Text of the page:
Eaglecrest Ski Area has weathered some tough snow and financial years and now may have to convince city leaders it remains a community asset to keep from being buried.
In the past few years, Eaglecrest management has said that seasons with light snow and rainy weather during holidays are the major reasons why the ski area is running in the red. The board said the Assembly should keep giving Eaglecrest $1.5 million a year because it is a community recreational area, just like the Augustus Brown Swimming Pool.
But the ski facility has never been able to make a profit since its inception 28 years ago. According to Eaglecrest Business Manager Gary Mendivil, the city has being covering 30 percent of its operating expenses. As the Assembly battles with its own budget shortfall, it has demanded that Eaglecrest come up with a long-term business plan to address its deficit.
While many Eaglecrest managers and supporters reiterate that the ski area enhances the quality of life not only for Juneau residents but also visitors from all over Southeast, the Assembly hasn't made up its mind on how to define Eaglecrest.
"The Assembly as a whole hasn't had a fundamental discussion about whether Eaglecrest should be a community recreational facility or a profit-making venture," said Mayor Bruce Botelho. "The business plan will be the departure point for our discussion."
The Eaglecrest board is refining its business plan that it has been working on for a year. The board has come up with many innovative ideas, but most of the proposals will depend on whether the Assembly will continue supporting Eaglecrest as a community facility.
In a draft plan, the board aims at making Eaglecrest a year-around destination instead of just a winter ski spot. It proposes having the city release its land in the lower mountain area and construct some cabins there. The revenues generated from renting the cabins could fund maintenance of the ski area.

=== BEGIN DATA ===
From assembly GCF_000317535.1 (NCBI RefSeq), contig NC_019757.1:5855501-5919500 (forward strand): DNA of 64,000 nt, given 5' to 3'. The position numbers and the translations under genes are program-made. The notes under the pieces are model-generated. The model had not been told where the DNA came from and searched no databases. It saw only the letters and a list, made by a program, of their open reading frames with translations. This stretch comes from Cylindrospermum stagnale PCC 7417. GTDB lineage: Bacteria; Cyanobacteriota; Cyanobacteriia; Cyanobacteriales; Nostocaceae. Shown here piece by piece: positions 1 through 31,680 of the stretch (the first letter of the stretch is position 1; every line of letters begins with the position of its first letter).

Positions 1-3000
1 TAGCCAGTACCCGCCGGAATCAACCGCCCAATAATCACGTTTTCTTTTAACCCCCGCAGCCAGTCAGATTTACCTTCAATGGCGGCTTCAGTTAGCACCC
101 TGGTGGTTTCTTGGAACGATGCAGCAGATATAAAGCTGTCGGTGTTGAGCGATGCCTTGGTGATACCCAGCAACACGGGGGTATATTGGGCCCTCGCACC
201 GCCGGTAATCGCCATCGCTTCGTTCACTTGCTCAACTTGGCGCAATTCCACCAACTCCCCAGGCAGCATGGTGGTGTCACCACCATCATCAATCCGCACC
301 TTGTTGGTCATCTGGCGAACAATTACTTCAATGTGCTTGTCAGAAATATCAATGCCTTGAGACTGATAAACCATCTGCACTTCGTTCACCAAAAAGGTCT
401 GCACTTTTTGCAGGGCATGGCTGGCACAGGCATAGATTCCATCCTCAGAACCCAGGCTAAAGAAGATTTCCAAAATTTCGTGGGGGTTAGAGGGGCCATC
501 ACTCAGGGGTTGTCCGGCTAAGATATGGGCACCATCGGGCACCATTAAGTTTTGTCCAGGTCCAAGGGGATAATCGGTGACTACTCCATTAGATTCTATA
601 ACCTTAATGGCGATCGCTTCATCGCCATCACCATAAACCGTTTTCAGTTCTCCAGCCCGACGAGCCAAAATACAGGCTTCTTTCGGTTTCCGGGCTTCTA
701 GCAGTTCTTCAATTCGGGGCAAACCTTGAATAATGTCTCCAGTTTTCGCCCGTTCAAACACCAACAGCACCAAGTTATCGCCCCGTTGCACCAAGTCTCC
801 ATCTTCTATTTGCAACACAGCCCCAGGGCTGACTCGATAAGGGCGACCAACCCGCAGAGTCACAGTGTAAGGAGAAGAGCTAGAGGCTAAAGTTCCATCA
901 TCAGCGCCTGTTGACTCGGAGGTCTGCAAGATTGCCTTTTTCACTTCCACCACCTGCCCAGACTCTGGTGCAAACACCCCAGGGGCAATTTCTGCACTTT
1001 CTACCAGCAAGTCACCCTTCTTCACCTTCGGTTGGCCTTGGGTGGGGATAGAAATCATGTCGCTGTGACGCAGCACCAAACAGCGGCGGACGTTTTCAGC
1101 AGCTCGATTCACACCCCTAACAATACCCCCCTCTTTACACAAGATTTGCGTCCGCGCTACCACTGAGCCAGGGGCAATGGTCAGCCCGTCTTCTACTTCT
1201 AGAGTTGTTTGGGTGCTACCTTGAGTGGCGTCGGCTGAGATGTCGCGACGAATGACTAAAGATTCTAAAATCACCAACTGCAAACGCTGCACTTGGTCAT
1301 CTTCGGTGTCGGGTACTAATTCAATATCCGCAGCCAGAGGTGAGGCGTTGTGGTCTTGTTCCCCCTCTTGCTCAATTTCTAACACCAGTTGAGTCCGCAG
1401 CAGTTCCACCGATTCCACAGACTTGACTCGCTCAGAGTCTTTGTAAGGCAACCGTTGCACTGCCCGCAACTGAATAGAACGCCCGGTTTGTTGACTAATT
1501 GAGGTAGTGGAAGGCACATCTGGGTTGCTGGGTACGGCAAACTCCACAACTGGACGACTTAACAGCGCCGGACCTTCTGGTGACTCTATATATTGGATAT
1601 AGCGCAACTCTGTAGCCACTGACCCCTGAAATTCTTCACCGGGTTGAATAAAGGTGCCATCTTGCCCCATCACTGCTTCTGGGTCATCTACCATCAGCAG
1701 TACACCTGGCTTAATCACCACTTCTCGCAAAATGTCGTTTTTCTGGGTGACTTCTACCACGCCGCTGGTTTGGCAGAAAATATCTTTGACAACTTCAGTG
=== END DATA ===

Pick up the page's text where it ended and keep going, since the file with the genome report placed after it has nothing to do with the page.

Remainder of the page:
But it remains a question whether the Assembly will agree to release the land. Even if it does, it is unknown whether the rent will go back to Eaglecrest to the city's general fund.
The board also wants to build a treetop walkway so visitors will have a bird's-eye view of Juneau's rainforest. The initial construction of the trails and elevated walkways will cost approximately $425,000 and require the Juneau Planning Commission's approval.
One of the ski area's long-term goals is to get electrical power up to the mountaintop from the North Douglas Highway. Right now, Eaglecrest uses hydroelectric power in the summer and diesel fuel in the winter. Running power lines up the road and converting the lifts to electric drive will cost around $1.3 million.
During the past 28 years, positioning itself as a community facility has worked as a double-edged sword for Eaglecrest management. On one hand, its "community" status has helped the ski area secure funding from the city year after year. But the same status also limits its financial potentials.
For example, there have been discussions about selling alcohol at Eaglecrest's lodge. However, the Assembly has traditionally rejected the idea because the ski area is supposed to be a family-oriented place.
"Everybody recognizes the sale of alcohol will bring a significant amount of money," said Eaglecrest board member Douglas Boyce. "But most of our users are youths. This is not a message the city wants to send to the young people."